The Grateful Dead, Pattison writes, ”acknowledged their debt to black America…by recording songs like ’U.S. Blues’ that retain the name if not the nature of their putative black sources”. Their ’Eyes of the World’ expresses ”Berkeley’s esse est percipi refined through the optimistic strain of American Romanticism and presented in the vulgar mode of rock”. ”Vulgarity” is not used by Pattison as a term of abuse. His book, as the title indicates, focuses in particular on this phenomenon, as emerging in Romanticism with its pantheism, democratism, its particular emotional states, etc.; but while understanding these things exclusively in terms of the analyses of conservative critics like Babbitt, he briefly and half-heartedly makes the case for their inevitability and acceptance; cf. his brilliant and similarly paradoxical book on Newman, The Great Dissent. But it must be said that it was precisely this Romanticism, properly understood, that, in various ways, turned rock into a genre of its own, distinct from blues, rock & roll, and pop, and, in time, made possible the emergence of progressive rock, which, in a few cases, rises from the lower kind of Romanticism to what must, at least in some cases, be seen as a higher kind.

But the ”punk” trend was launched as a reaction against this development of rock into ever more advanced forms, away from the purist ideologists’ project. Of course, both the fully developed and highly variegated rock and the progressive rock of the first half of the 1970s were still almost entirely part of this romantico-pantheistic-revolutionary project more broadly conceived. But the aesthetic development made it more indirect, more independent, more difficult to control; it tended to include too many ambiguous and potentially counter-productive musical, lyrical and other elements and references, and, in the case of progressive rock, it also simply became too difficult to be useful as a tool for indoctrination and debasement. Therefore, punk, marketed as the ”real”, ”true”, ”original” rock, had to be created. But when the potentially dangerous mature rock and progressive rock had been killed or sufficiently marginalized, punk was no longer needed, and the insipid 1980s followed.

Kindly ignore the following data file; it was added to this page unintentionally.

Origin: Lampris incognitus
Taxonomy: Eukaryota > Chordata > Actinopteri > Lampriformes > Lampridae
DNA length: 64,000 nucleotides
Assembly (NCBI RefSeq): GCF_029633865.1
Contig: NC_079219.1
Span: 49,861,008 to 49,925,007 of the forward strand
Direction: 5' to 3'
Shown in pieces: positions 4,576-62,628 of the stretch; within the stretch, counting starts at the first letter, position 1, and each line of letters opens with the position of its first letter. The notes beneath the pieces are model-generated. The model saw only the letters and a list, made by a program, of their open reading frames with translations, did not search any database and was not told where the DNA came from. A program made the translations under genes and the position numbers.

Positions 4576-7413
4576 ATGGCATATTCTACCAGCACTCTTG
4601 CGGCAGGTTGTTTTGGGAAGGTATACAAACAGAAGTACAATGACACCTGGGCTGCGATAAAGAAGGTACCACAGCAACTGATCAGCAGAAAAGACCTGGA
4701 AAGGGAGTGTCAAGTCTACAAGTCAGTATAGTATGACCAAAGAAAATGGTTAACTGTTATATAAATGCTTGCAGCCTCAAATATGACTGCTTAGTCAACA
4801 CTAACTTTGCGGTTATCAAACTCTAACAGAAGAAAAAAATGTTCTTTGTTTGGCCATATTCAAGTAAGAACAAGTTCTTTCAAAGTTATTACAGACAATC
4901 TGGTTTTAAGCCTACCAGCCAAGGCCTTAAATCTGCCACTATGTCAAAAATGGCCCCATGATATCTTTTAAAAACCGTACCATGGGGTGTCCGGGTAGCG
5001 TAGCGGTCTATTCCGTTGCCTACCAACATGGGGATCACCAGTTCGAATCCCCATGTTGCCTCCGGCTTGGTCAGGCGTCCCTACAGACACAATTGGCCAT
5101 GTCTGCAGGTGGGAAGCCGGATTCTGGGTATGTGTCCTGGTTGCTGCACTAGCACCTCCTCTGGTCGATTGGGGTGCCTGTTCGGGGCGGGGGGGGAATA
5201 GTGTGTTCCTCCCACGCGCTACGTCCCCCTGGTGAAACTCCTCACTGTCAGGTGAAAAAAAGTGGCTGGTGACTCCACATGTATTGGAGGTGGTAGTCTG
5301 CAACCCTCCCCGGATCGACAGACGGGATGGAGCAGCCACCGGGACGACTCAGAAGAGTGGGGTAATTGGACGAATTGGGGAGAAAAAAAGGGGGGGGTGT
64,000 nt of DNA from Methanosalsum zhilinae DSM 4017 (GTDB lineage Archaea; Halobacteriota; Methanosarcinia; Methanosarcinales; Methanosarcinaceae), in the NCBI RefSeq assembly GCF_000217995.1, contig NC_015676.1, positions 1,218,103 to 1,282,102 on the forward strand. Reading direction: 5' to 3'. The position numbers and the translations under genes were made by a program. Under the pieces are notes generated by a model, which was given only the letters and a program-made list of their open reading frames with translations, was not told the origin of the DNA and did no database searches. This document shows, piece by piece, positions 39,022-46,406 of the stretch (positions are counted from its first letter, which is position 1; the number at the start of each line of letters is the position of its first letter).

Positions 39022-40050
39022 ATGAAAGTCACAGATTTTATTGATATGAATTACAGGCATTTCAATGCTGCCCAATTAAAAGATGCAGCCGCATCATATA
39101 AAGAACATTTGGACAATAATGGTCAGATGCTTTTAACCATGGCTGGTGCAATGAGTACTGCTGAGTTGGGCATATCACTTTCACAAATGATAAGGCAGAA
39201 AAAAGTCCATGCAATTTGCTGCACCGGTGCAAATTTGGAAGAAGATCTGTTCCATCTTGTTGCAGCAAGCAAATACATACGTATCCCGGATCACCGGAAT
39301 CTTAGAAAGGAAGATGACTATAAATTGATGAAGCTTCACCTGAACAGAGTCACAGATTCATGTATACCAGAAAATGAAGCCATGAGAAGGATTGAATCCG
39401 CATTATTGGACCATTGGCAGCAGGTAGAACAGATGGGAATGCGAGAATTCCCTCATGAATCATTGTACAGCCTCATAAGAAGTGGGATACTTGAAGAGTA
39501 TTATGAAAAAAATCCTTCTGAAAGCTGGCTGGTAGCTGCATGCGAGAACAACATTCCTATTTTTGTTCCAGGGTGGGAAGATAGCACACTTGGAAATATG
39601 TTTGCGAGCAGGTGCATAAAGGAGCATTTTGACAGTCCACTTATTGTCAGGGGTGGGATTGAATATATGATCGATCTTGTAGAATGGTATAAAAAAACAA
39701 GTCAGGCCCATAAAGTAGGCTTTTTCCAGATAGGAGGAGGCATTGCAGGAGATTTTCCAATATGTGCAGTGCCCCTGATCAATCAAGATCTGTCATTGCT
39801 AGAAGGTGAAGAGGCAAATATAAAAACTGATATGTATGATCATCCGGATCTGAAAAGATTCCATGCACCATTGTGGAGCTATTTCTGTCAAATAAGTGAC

Again, the boundaries between all the mentioned genres of music are of course often fluid and porous, and, like much ”classical” music, progressive rock uses elements from popular music (popular music, folk music, being, needless to say, something that has always existed and not only what is produced by the music industry that emerged in the last century). Progressive rock borrows more from other genres than from pop (in the broad, music industry sense). Folk, jazz, and various so-called ”classical” influences are  prominent, sometimes depending on the sub-genre of this genre (of which so-called ”symphonic prog” is the most important and fully developed).

The Dead were originally blues-rock oriented, although they developed this genre in a distinct way, to a more elaborate, romantic hippie rock of their own. They did include other genres in their repertoire. But the problem, from my perspective, is that – with the exception, to some extent, of the “psychedelic” one – these are not normally the ones included, and transformed, by progressive rock. But Terrapin Station seems exceptional in incorporating, in the words of Dr Wiki, “a more symphonic sound bordering on progressive rock styles that were expressed earlier by progressive art rock groups like Yes and Genesis”.